Many of these imbalances can be seen in an athlete’s posture or with a simple movement screen such as the FMS. Common imbalances such as Janda’s Upper-Crossed/Lower-Crossed Syndromes or any chronically overactive/underactive muscles can be noted by these assessments, but in order for an athlete to improve, a self-assessment is necessary. Below is my own self-assessment and next week I will show how the workouts have been built to address them.

Weaknesses:

  • Ankle mobility
  • Lower body flexibility – primarily hamstrings & quadriceps
  • Unilateral leg strength
  • Transverse plane core strength – resisting rotation
  • Scapular retractors isometric strength
  • Rotator cuff activation & strength



Strengths

  • Bilateral leg strength
  • Posterior chain & erector spinae strength
  • Sagittal plane core strength – resisting spinal flexion
  • Vertical pulling strength


It’s important for weaknesses to be addressed first in both assessment AND program design. When looking at weaknesses first, it becomes obvious what modifications must be done in programming. Next week, I’ll cover how the above weaknesses are addressed in my workouts. If you have completed a similar assessment and would like some ideas on how to improve them, feel free to leave a comment below or email me anytime.

As always, if I can ever be of assistance to you or your program, don’t hesitate to contact me.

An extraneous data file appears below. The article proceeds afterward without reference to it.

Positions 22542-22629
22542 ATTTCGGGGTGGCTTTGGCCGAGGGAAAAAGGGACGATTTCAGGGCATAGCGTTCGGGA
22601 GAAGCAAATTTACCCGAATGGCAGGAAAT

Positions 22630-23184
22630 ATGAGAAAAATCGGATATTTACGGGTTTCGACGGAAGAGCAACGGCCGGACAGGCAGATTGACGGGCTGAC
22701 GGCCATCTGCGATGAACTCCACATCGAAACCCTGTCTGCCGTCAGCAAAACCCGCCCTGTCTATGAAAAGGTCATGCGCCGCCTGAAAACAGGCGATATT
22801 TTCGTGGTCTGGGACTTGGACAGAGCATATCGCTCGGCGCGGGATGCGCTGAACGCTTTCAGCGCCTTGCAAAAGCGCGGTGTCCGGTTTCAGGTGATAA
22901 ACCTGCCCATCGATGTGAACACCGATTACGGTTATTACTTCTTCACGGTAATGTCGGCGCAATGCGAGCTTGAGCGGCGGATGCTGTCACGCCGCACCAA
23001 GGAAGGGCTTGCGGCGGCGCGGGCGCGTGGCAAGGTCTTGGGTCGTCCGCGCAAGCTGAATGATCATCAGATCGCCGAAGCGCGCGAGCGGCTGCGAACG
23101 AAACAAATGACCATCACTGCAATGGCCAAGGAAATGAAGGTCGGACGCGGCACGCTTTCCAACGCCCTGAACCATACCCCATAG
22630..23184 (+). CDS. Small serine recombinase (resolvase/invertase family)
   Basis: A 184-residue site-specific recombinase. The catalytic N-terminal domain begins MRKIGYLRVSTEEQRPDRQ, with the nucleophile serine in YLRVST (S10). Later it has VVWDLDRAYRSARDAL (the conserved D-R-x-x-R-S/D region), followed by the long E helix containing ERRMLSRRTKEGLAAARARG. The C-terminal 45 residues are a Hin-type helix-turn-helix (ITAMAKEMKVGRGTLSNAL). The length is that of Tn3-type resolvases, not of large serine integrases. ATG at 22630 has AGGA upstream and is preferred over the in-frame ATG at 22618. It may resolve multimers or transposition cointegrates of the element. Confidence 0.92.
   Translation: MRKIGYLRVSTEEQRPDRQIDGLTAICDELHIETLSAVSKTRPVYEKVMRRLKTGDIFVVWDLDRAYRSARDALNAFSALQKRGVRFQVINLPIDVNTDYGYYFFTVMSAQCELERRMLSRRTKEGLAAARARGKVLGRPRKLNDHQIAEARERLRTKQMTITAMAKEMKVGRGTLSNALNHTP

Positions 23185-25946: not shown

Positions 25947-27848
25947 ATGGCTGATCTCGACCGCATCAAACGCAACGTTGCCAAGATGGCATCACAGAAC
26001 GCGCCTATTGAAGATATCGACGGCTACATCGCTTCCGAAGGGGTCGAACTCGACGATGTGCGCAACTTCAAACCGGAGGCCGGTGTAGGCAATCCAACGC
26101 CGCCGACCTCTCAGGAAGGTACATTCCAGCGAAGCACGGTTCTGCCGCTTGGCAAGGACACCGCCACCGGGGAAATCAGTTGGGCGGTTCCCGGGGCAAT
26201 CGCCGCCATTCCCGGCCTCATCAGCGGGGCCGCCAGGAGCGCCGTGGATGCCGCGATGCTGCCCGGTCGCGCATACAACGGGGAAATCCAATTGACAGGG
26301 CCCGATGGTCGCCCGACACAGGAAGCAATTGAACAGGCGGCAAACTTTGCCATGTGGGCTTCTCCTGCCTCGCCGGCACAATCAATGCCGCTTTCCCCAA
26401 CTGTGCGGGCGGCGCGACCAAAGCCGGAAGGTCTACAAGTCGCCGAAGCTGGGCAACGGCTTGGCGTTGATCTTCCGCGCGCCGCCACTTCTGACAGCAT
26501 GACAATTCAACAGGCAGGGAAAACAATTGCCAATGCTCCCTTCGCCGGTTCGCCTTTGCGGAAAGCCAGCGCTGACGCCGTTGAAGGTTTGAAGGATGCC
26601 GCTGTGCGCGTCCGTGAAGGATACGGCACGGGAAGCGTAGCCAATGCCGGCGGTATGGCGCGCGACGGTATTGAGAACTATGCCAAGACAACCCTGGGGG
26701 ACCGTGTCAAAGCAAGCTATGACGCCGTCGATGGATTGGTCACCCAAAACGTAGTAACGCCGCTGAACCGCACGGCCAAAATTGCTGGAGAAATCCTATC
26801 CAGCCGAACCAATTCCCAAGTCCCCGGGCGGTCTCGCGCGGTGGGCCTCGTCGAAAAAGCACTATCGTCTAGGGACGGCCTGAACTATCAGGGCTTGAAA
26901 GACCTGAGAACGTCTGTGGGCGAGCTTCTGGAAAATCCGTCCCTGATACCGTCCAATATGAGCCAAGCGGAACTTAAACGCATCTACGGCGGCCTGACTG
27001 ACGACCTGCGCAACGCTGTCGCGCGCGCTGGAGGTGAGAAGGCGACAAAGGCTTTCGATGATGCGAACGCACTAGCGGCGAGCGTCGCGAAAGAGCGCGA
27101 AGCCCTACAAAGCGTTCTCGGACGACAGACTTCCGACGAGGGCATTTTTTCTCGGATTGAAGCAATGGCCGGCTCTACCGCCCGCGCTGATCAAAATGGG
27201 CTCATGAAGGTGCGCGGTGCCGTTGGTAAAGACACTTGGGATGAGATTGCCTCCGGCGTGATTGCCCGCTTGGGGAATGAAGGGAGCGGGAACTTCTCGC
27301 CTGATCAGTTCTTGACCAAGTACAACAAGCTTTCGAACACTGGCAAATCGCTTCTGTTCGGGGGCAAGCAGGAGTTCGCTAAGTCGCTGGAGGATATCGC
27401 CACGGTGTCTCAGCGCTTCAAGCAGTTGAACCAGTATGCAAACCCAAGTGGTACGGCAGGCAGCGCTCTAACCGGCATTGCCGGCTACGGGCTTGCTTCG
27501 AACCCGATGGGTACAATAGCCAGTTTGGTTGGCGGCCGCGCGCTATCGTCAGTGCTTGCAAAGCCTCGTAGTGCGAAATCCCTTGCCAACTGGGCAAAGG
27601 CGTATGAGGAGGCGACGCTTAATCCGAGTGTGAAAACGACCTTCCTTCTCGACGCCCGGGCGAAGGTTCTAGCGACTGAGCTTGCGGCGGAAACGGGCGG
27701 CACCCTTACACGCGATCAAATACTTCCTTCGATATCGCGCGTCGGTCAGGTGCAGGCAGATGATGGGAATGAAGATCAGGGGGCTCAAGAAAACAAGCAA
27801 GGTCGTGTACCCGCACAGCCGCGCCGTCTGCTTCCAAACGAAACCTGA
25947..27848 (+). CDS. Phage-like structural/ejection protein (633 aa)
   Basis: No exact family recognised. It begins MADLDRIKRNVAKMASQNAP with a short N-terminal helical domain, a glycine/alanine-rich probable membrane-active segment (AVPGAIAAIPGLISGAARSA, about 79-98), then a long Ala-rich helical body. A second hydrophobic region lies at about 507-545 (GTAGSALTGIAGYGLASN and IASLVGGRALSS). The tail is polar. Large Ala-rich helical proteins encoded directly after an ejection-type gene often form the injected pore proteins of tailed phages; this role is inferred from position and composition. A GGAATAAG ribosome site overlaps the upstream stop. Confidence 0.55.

All the best,

Drew Henley, CSCS, USAW, CES
480-241-4112
Drew@HenleySP.com
Twitter.com/DrewBHenley
YouTube.com/DrewBHenley

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5 Goals Every Program Needs

Last week, I posted three of my training principles (scroll down to #2) that help dictate the programs I write and how I work with my athletes. These principles help establish my mindset when I am writing workouts and act as starting point in program design. Since we have established some aspects that should be considered prior to beginning a program, today I am going to outline five goals every program should achieve by the end of the training cycle.
#1 Address any Injuries, Imbalances or Deficits – As I have said before (here and here), I believe it’s almost impossible to have a successful training program without a thorough assessment. It is necessary to find any muscular imbalances, range of motion deficits, and learn as much about previous injuries as possible prior to beginning training in order to maximize gains and performance. Athletes will become physically unbalanced over the course of a season, so it is important to restore them to their balanced state. For example, pitchers complete thousands of repetitions of shoulder horizontal adduction, internal rotation, and scapular protraction. To balance this, a program should contain plenty of shoulder horizontal abduction, external rotation, and scapular retraction. Also, a balanced athlete is less likely to be injured, which brings me to my next point…